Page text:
Series two of The Voice UK is likely to overhaul the live phase of the competition – according to the man who created the original format, John de Mol.
“The Voice UK started incredibly well,” de Mol told RadioTimes.com. “But it has three stages – blind auditions, battles and live shows – and the live show is the part that looks the most like other talent shows. We’ll have a meeting with the BBC to come up with some new ideas to make the live shows a little more exciting than they are right now. We have time – it’ll be months before they start work on series two.”
The Dutch media mogul conceded that it is hard to make wholesale changes to the format of live elimination rounds – “you are creatively a little bit limited: you have to lose contestants and before that, you have to hear them all” – but pointed to the decision-making of the coaches as one area where improvements could be made.
“I think the role of the coaches can be bigger and more significant,” de Mol said.
Although The Voice UK’s live shows initially gave coaches more power than they have on rival talent shows, by allowing them individually to decide between their own contestants without input from the other three mentors, de Mol asserted that the format change in last weekend’s semi-final – where eliminations were entirely decided by the public – was a mistake.
“Yes, they already have more influence than the mentors on The X Factor, but still not enough in my opinion,” de Mol said. “In the semi-final, the coaches were just watching the talent perform. They had no influence at all and that’s something we should change.”
Amid falling ratings for The Voice UK’s live shows, the programme was arguably dealt a further blow by its own audience last weekend when both the apparent front-runners, Ruth Brown and Jaz Ellington, were axed by the voting public. De Mol said the result came as a surprise to the show’s producers, but observed: “I’m used to it. The Voice is in 50 countries and what you see is the audience sometimes have different opinions to the professionals. Because the coaches have influence on who’s going until late in the show, it makes it possible for the real talents to stay for as long as possible.
“But on Saturday, it was 100 per cent up to the audience. Sometimes it’s more a popularity contest than a singing contest, and that is something I would like to change. That’s the difference between the Voice and other singing shows.”
De Mol – who launched the Voice format in Holland in 2010, and whose company Talpa has a representative in London working with The Voice UK’s production company Wall to Wall – did not agree that the solution to the drop in ratings might be to give viewers a better chance to get to know the contestants by increasing the number of live shows.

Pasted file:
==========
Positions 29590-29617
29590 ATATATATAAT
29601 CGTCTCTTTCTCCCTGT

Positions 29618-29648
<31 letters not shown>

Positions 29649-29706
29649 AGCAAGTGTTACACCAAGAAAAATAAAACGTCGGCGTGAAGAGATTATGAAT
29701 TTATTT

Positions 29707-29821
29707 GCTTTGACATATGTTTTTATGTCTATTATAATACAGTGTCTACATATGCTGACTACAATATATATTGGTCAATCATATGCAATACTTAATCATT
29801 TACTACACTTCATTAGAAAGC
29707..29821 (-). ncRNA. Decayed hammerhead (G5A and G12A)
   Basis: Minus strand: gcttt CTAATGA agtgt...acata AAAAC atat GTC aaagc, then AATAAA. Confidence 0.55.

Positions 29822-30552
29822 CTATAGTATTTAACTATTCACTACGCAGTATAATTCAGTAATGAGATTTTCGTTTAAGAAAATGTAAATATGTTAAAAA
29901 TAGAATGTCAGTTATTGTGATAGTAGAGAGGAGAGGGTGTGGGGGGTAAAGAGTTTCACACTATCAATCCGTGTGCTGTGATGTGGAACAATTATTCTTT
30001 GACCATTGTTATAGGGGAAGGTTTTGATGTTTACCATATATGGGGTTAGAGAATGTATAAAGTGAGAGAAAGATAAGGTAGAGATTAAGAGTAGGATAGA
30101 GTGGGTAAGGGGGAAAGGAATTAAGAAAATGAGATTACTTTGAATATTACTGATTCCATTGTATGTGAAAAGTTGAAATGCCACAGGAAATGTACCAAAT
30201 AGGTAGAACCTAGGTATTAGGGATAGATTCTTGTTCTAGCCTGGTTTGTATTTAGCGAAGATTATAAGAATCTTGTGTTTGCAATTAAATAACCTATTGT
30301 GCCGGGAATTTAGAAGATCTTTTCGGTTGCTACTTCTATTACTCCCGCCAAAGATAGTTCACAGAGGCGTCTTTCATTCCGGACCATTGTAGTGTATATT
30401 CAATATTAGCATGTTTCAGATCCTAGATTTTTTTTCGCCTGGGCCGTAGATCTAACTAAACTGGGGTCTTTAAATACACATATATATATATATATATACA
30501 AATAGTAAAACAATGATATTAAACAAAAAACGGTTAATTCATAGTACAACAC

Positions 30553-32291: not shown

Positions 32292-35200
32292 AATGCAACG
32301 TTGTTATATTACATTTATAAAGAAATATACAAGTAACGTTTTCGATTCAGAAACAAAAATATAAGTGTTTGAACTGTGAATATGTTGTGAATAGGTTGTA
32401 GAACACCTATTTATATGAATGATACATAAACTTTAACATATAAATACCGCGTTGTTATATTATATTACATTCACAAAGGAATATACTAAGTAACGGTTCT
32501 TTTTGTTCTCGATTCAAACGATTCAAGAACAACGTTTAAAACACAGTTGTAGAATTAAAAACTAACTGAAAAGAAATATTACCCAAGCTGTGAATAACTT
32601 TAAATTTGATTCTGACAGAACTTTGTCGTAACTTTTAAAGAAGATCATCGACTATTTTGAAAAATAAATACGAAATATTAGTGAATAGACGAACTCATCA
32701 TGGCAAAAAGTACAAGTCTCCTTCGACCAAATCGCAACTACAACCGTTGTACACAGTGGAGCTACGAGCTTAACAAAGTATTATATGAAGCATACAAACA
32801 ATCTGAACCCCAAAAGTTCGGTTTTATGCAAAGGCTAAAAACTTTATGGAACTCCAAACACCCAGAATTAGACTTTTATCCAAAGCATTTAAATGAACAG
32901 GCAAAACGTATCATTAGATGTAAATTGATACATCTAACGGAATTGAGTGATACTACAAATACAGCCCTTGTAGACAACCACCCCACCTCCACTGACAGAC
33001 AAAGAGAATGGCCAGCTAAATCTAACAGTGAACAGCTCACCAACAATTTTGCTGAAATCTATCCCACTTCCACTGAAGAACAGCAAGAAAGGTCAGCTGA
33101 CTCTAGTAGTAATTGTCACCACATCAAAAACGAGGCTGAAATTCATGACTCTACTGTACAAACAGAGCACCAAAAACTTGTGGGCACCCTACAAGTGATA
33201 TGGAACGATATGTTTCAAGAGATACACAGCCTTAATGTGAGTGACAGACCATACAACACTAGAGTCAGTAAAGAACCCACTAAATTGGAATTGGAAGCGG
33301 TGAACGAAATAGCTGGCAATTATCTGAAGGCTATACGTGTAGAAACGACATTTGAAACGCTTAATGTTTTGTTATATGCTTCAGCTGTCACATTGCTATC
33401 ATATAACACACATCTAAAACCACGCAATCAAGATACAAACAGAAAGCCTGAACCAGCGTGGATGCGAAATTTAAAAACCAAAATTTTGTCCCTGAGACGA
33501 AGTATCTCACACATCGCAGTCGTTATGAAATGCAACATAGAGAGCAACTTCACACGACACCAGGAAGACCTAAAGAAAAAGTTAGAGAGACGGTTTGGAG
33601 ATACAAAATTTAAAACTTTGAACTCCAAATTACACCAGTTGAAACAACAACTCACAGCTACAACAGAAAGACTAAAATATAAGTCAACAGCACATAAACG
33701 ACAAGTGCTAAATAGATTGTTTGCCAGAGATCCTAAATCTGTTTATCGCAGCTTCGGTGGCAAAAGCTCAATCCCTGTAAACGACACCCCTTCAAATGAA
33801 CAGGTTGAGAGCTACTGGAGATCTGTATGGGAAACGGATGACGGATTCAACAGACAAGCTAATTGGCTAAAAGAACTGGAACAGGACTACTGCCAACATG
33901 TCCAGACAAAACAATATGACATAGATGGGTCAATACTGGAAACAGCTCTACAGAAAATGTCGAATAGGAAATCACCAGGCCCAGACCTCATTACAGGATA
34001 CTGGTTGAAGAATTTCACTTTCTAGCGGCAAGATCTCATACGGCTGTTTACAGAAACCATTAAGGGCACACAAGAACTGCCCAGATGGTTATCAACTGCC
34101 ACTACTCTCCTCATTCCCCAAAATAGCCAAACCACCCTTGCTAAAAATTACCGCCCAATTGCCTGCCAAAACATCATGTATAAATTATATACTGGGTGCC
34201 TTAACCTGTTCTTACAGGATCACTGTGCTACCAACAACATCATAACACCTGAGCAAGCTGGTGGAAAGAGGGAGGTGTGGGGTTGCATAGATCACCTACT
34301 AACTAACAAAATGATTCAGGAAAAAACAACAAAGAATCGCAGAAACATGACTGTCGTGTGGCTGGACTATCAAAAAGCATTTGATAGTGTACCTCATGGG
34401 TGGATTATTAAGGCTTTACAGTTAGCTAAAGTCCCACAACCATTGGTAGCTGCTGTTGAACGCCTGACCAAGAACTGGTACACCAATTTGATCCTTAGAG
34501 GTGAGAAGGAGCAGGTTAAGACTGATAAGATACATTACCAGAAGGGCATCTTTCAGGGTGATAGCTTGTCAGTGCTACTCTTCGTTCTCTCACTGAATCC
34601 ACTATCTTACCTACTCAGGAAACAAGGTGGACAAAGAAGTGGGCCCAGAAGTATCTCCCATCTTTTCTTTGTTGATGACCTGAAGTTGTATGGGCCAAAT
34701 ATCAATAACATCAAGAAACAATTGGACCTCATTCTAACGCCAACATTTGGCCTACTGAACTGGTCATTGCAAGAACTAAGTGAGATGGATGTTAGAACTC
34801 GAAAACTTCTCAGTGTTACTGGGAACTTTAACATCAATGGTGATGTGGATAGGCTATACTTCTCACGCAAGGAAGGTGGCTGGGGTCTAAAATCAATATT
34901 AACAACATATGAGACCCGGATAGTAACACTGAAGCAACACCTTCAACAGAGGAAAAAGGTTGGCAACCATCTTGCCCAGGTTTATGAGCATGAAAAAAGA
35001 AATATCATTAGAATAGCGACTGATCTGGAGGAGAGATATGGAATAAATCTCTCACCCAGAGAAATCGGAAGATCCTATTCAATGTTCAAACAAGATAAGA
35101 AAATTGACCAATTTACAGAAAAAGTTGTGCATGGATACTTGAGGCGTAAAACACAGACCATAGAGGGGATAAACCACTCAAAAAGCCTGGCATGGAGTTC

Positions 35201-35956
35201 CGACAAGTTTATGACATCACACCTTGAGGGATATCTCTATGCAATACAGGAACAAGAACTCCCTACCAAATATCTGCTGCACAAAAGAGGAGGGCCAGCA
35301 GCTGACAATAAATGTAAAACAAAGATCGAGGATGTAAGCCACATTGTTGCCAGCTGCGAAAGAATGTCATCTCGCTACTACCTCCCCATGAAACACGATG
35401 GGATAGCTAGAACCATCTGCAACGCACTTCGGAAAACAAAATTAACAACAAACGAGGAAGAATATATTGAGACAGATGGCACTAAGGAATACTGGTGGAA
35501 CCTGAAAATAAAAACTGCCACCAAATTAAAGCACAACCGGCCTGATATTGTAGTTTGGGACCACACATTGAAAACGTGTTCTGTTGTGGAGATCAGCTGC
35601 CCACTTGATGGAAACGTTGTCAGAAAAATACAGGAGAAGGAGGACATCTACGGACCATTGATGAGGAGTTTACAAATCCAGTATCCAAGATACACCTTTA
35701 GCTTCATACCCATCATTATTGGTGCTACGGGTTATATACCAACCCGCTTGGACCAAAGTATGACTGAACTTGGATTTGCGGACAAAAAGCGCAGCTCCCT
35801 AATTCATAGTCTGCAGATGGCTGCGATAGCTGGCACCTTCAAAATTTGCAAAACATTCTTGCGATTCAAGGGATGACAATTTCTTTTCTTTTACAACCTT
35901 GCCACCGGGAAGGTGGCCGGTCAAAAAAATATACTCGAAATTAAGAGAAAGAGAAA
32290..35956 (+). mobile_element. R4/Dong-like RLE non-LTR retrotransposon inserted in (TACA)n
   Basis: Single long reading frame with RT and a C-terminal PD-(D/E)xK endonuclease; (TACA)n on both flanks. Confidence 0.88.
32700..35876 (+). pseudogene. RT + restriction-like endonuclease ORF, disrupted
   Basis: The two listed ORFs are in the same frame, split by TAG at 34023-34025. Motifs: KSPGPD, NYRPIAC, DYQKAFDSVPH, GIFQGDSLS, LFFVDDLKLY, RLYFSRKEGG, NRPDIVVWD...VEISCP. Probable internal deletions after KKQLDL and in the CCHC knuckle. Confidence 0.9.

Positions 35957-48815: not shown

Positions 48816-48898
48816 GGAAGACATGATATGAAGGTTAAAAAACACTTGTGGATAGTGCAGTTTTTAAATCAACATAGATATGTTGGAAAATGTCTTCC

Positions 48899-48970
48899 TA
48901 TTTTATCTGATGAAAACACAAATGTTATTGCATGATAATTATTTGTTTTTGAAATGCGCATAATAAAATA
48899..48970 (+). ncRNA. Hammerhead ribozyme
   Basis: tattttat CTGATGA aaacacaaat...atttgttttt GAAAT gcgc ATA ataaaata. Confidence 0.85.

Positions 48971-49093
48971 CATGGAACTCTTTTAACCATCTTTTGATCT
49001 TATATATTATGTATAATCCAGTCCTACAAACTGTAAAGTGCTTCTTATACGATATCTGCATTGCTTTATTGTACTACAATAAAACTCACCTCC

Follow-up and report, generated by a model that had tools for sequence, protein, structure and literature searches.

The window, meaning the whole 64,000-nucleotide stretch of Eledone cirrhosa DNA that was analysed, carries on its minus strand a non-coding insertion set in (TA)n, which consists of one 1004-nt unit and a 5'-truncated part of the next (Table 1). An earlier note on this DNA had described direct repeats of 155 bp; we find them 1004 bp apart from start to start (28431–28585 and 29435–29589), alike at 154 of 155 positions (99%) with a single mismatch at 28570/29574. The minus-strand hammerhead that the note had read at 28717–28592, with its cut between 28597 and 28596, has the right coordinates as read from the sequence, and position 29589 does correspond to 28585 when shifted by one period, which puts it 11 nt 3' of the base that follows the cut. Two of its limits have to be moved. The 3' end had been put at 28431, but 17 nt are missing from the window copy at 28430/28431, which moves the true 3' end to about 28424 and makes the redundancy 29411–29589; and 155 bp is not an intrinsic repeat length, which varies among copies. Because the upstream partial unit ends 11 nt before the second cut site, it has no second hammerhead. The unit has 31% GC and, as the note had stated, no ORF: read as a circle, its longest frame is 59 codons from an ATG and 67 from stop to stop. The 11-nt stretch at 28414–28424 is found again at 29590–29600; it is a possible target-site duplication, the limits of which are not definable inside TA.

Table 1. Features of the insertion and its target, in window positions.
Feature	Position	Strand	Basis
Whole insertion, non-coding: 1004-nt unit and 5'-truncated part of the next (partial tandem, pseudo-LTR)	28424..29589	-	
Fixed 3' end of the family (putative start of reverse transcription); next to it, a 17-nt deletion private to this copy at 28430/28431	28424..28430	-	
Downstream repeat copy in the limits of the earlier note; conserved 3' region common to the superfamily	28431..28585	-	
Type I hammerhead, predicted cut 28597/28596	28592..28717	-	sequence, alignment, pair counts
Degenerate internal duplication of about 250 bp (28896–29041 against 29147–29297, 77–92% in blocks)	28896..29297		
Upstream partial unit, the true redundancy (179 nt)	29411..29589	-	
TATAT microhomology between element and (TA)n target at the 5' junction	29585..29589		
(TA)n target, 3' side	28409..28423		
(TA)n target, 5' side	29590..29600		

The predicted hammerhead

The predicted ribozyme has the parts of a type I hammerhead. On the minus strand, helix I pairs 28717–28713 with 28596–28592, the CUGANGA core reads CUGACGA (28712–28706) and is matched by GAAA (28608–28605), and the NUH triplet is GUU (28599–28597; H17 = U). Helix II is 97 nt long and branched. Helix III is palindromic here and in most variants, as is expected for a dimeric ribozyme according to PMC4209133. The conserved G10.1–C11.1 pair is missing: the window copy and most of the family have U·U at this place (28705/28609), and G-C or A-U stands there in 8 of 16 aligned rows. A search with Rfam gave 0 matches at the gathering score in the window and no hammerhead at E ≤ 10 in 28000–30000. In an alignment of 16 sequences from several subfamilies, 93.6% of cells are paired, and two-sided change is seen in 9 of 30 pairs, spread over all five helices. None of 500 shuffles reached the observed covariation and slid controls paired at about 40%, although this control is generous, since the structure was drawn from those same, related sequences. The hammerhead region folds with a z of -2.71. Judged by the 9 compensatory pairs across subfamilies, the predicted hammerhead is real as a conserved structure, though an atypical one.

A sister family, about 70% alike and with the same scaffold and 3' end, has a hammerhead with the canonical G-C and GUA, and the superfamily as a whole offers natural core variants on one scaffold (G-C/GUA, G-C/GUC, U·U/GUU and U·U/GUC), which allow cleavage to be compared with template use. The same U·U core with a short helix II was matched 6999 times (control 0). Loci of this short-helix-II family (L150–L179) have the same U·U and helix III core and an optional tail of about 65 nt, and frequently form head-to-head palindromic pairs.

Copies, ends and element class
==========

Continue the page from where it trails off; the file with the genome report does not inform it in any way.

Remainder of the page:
“The live shows are not the most exciting part, so we’re not looking to extend them,” he said. “What we have is enough. The Voice should be like the Champions League. It’s a few matches and you have to be there at that moment, you have to perform. That’s something you can ask of future top talent. Although we have seen the talent in the blind auditions and the battle rounds before the live shows, that’s the difference between The Voice and other talent shows: other shows tend to be more of a popularity contest, but The Voice is purely based on singing quality.”
De Mol, whose CV also includes the creation of Big Brother and Deal or No Deal, said the standard of performers originally auditioning for The Voice UK series one was “the best out of the 50 across the world”, and that the blind audition and battle stages did not require any major tweaks. “The blind auditions, particularly the way the coaches performed, was really great television. We’re working hard to have that same impact in the live shows. The blind auditions and the battles worked so I don’t think we should change them.”
De Mol also expressed a wish to retain the coaching line-up of will.i.am, Jessie J, Tom Jones and Danny O’Donoghue: “We’ll talk about the coaches with the BBC right after the final this Saturday. As far as I’m concerned – and I was involved in the final selection of them – we have four great characters and we’ll stick with them, but it’s too early to say. They have their own agendas and schedules. None of them have signed for series two yet because we don’t know exactly when it will [go into production]. You can’t sign someone until you know if it fits with their schedule.”
He agreed, however, that the relentless positivity of the coaches might be something viewers have tired of as the series has gone on: “Again, that’s the live shows. It’s something we have to work on. More competition.” He added: “We’re setting up a two-day international conference in August with 20 of the countries who show The Voice to share ideas. We can learn from the experience of other countries. Sometimes they come with suggestions and we think, that’s not a bad idea!”
The Voice UK’s grand final airs on BBC1 this Saturday at 7.20pm.